It’s fair to say that Gleadless Valley has come under a fair deal of media attention in the past week, after the tragic circumstances surrounding an axe attack on police in the area, just days after a murder not one mile away from the attack.
But many Gleadless Valley residents past and present have contacted The Star since to tell us how proud they are of their area, right from its very beginnings as one of Sheffield’s top new estates in the 1960s. Indeed, Philip Levick said on Thestar.co.uk: “The estate was the jewel in the crown of council housing and the estate won various awards from around the world for its design and the way it was run.”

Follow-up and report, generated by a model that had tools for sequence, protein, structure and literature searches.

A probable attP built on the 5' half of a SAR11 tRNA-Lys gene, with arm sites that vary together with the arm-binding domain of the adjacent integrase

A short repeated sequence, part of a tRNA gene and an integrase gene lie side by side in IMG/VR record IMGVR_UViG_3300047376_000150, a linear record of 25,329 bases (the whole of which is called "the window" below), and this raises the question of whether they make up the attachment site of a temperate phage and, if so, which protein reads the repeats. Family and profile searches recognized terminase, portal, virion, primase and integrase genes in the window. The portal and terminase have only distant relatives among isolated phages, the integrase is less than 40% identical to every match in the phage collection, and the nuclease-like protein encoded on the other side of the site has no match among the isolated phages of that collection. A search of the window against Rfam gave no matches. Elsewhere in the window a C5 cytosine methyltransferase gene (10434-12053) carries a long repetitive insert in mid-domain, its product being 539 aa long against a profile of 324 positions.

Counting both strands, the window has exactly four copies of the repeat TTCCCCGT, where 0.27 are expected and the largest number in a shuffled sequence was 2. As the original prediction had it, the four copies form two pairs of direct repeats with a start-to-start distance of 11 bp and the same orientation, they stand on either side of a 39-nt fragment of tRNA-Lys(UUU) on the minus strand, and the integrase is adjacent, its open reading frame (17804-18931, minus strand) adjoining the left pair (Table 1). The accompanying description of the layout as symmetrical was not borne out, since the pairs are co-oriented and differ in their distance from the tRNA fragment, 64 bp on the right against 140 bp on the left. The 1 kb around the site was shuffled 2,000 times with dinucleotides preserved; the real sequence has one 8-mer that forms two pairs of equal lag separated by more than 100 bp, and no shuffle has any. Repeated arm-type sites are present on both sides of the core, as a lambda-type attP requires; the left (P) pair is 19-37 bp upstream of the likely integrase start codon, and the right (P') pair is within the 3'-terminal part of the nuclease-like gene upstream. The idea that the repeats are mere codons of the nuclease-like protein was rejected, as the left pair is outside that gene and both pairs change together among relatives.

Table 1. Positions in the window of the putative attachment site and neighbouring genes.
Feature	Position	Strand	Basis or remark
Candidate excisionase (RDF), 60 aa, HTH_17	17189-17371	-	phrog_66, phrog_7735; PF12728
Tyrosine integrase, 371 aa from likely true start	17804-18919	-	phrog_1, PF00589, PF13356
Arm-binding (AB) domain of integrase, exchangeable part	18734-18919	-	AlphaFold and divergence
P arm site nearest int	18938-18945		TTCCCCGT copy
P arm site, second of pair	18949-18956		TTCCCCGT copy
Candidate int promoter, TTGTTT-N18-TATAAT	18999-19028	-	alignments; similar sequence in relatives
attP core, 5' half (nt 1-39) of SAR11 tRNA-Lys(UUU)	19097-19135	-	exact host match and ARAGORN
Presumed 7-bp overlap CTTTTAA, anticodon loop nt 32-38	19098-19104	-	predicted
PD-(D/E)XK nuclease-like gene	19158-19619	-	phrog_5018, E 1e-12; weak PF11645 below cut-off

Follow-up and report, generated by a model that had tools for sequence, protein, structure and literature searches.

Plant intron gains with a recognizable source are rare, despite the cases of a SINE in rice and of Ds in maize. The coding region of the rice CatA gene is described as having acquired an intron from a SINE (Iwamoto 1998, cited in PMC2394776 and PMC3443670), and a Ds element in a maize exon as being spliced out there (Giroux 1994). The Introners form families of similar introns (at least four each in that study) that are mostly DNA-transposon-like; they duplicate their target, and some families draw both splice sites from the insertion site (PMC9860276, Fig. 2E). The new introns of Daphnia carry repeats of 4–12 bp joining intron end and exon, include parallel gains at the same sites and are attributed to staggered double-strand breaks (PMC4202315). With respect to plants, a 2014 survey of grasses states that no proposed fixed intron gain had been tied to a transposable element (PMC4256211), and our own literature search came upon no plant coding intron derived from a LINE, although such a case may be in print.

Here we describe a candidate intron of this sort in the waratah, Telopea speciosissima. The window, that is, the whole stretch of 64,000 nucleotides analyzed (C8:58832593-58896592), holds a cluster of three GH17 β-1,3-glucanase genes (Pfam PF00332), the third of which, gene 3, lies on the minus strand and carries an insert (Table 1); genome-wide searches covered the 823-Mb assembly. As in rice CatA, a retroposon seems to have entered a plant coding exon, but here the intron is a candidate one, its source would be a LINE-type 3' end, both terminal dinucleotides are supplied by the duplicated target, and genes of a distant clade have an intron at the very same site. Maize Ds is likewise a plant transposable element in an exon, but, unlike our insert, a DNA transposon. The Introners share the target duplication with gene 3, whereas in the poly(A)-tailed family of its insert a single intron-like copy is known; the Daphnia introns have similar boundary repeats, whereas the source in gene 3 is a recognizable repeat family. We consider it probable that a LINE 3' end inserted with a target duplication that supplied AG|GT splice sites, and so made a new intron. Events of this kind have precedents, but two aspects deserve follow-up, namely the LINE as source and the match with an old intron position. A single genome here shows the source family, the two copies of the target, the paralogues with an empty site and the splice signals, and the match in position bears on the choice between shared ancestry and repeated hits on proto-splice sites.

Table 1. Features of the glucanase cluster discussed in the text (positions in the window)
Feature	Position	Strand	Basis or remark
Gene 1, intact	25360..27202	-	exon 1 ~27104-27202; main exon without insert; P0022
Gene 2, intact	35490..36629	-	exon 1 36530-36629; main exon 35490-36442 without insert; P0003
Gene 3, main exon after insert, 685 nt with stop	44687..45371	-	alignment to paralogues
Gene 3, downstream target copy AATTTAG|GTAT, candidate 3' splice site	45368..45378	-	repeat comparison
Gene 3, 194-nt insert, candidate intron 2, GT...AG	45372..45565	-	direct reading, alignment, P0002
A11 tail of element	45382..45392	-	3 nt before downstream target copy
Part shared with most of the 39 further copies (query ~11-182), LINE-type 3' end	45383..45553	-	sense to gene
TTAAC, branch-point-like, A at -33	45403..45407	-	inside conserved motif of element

The estate was developed as a large housing project between 1955 and 1962 in an effort to clear slums in other parts of the city and move residents to ‘state of the art’ dwellings.
Patio and chalet style houses were used to overcome the steep natural slopes of much of the land.
In June 1972, The Star featured the new homes which had been built in Gleadless Valley, describing them as: “A row of beautiful homes which are a credit to Sheffield’s image of a modern city.”
The tower blocks, built by London contractors, came in 1959.
Newfield Green is pictured here in 1972, but it looks much the same today, save for the introduction of the Co-op store.